We’ve probably all heard that Christianity is about your individual relationship with Jesus. I’ve said that myself. But while God is very much concerned with the state of every individual heart and wants a relationship with you, Christianity is not an individualistic religion. We get that idea from Western culture, not from scripture.
The Bible is written for all peoples and all cultures. But it was also written by people living in a Middle Eastern society, and those of us in the Western world can miss some things Biblical writers took for granted. It rarely occurs to us that Americanized Christianity might not be the same thing as Biblical Christianity, but our culture does color how we read the Bible and in some cases it leads to inaccurate assumptions.
When I was reading Misreading Scripture With Western Eyes by E. Randolph Richards and Brandon J. O’Brien, one of the misconceptions that really stuck with me had to do with the verses about spiritual temples. We tend to read the verses that say “you are a temple of God” and think the “you” is singular” and treat “temple” as plural, assuming that we are each one of God’s temples. But we’re wrong.
There are three passages where Paul talks with the Corinthians about them being God’s temple. They’re 1 Cor. 3:16, 6:19; and 2 Cor. 6:16. Richards and O’Brian only talk about one of these, but I checked the others in the Greek and their point holds true for all three. They write,
Biblical Greek could differentiate between you singular and you plural, but we miss this in our English translations. … We typically understand the singulars and plurals in this verse backwards. In the original Greek, the you is plural and temple is singular. Paul is saying, “All of you together are a singular temple for the Holy spirit. God doesn’t have millions of little temples scattered around. Together we make the dwelling for the spirit (p. 108)
If God says He hates something, is it a thing we should be doing in the church? Of course not! Those who love God do things that are pleasing in His sight (1 John 3:22). We don’t always do that perfectly, but it’s supposed to be our goal. And when we miss the mark, we repent and change and try again.
One of the things the Lord hates and considers an abomination is “he who sows discord among brothers” (Prov. 6:19, all scriptures in this post are WEB version). In Hebrew, “sow” is shalach (H7971), and it means to send out or shoot forth, as in a growing plant putting out leaves. God hates it when someone plants and spreads strife or contention (medan, H4090) among those who are metaphorical or literal family (ach, H251).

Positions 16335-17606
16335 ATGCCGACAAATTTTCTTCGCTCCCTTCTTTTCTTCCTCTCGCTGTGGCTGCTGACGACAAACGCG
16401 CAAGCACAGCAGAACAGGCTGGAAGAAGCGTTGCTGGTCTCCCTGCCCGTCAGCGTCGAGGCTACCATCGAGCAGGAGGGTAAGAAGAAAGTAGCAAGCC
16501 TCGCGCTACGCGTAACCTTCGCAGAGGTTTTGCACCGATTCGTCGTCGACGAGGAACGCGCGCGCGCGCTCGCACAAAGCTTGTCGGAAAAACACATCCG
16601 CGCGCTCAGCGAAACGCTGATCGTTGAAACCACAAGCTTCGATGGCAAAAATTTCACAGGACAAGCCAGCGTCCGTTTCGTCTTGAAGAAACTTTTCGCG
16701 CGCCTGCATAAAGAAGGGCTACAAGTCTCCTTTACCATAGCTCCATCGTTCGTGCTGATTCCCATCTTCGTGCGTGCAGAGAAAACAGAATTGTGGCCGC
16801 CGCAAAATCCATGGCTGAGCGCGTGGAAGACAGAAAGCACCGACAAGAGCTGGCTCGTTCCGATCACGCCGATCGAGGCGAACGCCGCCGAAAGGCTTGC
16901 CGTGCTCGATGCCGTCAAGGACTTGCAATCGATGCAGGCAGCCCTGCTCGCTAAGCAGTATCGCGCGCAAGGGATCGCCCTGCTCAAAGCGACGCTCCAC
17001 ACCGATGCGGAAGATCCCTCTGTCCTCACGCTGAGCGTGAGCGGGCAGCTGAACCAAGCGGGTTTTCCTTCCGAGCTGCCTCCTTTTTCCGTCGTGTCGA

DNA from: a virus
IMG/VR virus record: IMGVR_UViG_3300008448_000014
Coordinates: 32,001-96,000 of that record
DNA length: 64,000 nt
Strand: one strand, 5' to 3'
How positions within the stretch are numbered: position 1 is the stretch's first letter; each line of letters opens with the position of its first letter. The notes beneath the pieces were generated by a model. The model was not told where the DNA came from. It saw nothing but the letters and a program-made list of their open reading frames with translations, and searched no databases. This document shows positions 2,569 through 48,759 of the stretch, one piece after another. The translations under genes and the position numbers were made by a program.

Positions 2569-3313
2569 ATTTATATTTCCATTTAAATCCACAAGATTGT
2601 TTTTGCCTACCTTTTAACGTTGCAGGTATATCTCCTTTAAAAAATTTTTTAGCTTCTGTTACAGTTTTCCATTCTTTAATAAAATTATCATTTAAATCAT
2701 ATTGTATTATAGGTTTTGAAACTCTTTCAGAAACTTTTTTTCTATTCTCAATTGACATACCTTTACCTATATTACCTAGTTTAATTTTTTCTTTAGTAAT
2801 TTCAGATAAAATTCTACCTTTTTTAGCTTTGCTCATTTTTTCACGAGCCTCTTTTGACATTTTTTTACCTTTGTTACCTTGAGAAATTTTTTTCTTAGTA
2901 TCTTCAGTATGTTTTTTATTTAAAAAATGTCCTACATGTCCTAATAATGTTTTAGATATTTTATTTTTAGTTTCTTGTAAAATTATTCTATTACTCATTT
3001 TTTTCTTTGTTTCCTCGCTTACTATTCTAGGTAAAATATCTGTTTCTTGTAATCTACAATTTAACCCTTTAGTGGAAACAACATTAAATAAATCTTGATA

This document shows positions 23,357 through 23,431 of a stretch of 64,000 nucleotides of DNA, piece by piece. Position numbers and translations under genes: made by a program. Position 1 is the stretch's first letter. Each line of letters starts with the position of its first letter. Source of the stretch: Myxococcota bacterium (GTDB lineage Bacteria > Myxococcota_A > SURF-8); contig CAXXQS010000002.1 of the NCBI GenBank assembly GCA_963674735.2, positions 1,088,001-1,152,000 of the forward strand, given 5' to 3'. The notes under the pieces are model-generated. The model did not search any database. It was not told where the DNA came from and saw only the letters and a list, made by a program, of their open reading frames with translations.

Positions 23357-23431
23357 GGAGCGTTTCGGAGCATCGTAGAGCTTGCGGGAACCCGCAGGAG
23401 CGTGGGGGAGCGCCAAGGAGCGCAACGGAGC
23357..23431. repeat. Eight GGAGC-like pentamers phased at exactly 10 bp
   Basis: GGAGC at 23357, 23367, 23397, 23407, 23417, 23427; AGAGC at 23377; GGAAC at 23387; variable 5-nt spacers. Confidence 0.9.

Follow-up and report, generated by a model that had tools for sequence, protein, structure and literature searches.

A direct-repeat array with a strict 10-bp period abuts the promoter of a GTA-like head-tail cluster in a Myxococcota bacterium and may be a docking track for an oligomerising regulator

So what does it say about us as a church body when there are divisions, disagreements, and rifts in our relationships and beliefs? In some cases, we can disagree on things that are open to interpretation and still fellowship peaceably, which is the right thing to do (Rom. 14). But all too often, when people in the churches disagree they start attacking or ignoring each other rather than working through their issues, resolving doctrinal conflicts, and seeking peace and unity as God intends.
Strife Does Not Come From God
The greatest commandments are to love God with all your heart, mind, soul, and strength and to love your neighbor as yourself. In contrast, strife is stirred up by hatred, not love (Prov. 10:12). And the people who spread strife are called perverse, lovers of disobedience, greedy, and angry (Prov. 16:28; 17:19; 28:25; 29:22). Those aren’t the sort of things God wants to see when He looks at the people in His chruch.
Now the deeds of the flesh are obvious, which are … hatred, strife, jealousies, outbursts of anger, rivalries, divisions, heresies, envy … of which I forewarn you, even as I also forewarned you, that those who practice such things will not inherit God’s Kingdom. (Gal. 5:19-21)
More than half the things in this “works of the flesh” list have to do with discord and disunity. In contrast, the fruit of the Spirit is things like “love, joy, peace, patience, kindness, goodness, faith, gentleness, and self-control” (Gal. 5:22-23). Those are the things that stop arguments before they even start.
This Goes Beyond Not Fighting
Scriptures make it quite clear that God puts a high value on peace. Though He warns us that following Him will set people against you (Matt. 10:34-36; John 15:18-21), that sort of strife should only happen between you and the world. There’s supposed to be peace in the church among God’s people.
So then, let us follow after things which make for peace, and things by which we may build one another up. (Rom. 14:19)
On your part, you’re supposed to do what you can to live peacefully with everyone you meet (Rom. 12:18; Heb. 12:14). This is especially important in the church, where it’s an attainable goal because all the believers are supposed to be working toward peace (1 Thes. 5;13). God intends for there to be unity in His church. Read more →
How many people do you really open up to? Even if you’re an “open book,” there are probably things you don’t share with everyone. There are secrets, aspects of our personality, and thoughts that we only show closest friends, family or a spouse. You may have parts of you hidden so deep no one sees them.